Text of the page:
A belief that online commentary is "bad for science" has led to a comments ban on Popular Science magazine’s website, reports Pam Belluck in The New York Times (10/1/13). The immediate problem for Popular Science is that it does not "have the resources to moderate all comments." The magazine does cite a bit of science to back up its ban: A University of Wisconsin-Madison study finds "that people’s perceptions of the riskiness of a scientific advance can become more entrenched and polarized after reading comments written in an uncivil tone."
The study involved asking "1,183 people to read an article about a fictitious type of nanotechnology." It found that those "who started off with a negative view of the technology" were even more polarized after reading uncivil negative comments about it. Same thing happened, in reverse, with people who began with a positive view. (link) Dietram Scheufele, one of the study’s researchers, comments: "There’s no way that a completely unmoderated discussion is not going to be detrimental to the facts."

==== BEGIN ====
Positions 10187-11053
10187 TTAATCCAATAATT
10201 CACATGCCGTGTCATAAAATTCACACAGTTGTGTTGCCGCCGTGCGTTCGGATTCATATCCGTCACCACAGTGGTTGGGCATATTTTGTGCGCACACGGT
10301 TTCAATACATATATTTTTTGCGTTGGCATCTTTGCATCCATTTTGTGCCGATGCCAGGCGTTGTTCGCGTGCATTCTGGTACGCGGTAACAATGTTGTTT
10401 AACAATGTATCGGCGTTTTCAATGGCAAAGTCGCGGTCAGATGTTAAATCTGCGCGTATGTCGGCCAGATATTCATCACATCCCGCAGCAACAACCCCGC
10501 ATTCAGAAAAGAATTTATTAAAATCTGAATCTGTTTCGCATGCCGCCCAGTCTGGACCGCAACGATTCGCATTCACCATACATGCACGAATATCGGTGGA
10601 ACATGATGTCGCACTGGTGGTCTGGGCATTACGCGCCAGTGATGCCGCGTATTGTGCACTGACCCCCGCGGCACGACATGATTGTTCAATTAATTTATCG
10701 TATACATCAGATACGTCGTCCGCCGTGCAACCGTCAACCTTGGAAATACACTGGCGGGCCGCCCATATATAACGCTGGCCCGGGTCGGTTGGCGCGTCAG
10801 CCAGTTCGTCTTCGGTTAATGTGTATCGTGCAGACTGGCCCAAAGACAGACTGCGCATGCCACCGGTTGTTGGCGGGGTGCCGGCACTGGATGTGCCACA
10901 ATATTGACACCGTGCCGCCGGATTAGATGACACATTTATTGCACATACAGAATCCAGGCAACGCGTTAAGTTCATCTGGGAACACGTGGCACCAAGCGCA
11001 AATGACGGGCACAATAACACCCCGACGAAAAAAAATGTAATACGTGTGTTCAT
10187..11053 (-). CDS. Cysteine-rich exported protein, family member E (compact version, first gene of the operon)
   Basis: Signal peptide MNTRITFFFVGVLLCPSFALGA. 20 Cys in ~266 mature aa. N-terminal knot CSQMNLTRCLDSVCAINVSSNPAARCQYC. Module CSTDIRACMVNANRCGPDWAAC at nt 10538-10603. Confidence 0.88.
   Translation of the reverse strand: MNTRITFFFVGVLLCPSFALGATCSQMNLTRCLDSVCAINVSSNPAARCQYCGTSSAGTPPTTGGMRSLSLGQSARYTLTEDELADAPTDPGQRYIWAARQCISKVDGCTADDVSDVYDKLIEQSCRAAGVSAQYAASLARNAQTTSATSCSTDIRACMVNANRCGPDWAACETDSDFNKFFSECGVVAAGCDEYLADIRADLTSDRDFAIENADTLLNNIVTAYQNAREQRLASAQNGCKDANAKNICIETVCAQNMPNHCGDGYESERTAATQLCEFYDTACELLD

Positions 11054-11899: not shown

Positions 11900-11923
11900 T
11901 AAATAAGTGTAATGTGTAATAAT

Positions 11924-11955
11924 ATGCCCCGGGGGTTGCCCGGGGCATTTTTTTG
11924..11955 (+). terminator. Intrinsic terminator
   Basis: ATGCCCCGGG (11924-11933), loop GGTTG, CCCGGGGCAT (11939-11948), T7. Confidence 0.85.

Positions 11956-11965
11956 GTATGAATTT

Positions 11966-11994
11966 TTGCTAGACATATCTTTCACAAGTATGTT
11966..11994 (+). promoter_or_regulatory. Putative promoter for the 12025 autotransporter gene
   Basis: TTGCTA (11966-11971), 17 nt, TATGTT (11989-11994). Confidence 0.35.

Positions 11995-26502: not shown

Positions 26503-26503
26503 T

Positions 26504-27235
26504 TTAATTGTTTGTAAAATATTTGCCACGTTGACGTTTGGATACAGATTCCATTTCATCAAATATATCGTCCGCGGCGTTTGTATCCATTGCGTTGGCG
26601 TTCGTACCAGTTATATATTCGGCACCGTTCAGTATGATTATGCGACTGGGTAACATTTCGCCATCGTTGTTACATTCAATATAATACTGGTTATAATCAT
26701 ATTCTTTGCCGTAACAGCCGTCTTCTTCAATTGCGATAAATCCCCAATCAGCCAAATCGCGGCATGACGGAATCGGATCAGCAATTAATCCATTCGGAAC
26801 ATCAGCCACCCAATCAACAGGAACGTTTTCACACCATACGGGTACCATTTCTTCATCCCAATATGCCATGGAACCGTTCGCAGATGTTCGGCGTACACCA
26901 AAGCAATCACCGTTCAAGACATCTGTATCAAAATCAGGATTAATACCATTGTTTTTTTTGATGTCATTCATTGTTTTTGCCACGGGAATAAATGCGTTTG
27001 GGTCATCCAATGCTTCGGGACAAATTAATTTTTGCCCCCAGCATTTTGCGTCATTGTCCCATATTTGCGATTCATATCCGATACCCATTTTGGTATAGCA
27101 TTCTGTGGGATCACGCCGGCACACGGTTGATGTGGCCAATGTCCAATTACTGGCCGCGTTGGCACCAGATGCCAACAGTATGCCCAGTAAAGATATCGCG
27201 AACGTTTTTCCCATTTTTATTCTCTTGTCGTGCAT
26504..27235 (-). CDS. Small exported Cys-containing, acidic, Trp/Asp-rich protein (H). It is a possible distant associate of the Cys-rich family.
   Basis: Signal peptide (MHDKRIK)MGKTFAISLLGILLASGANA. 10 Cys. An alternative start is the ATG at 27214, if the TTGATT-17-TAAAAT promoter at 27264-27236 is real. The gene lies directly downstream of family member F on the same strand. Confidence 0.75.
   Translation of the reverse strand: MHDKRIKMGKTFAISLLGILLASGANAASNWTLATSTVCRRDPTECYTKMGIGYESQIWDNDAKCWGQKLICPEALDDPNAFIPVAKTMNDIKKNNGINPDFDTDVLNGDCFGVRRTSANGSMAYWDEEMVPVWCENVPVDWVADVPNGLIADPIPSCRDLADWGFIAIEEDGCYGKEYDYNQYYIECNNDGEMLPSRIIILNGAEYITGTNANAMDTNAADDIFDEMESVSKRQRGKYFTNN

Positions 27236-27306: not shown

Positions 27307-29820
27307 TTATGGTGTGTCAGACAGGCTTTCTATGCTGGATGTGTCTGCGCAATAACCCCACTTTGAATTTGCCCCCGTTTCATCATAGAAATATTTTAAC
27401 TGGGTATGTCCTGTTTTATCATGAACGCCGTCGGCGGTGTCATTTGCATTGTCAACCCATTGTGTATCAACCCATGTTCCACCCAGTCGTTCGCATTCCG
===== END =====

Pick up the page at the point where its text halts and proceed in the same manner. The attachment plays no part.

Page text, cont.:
Needless to day, PopSci’s ban is, itself, controversial. "The comments section can often express the openness of scientific debate," says Noah Gray of Nature magazine. "Removing this channel for feedback rather than exploring an alternative means to improve it simply ignores the problem." He also questions "whether the study accurately ‘mimics the natural engagement of the reader’." Meanwhile, reader Nick Anglewicz straddles the issue in an email to PopSci, writing: "I think you’ve made the right decision … Now if only I could state my opinion on your post publicly on the website."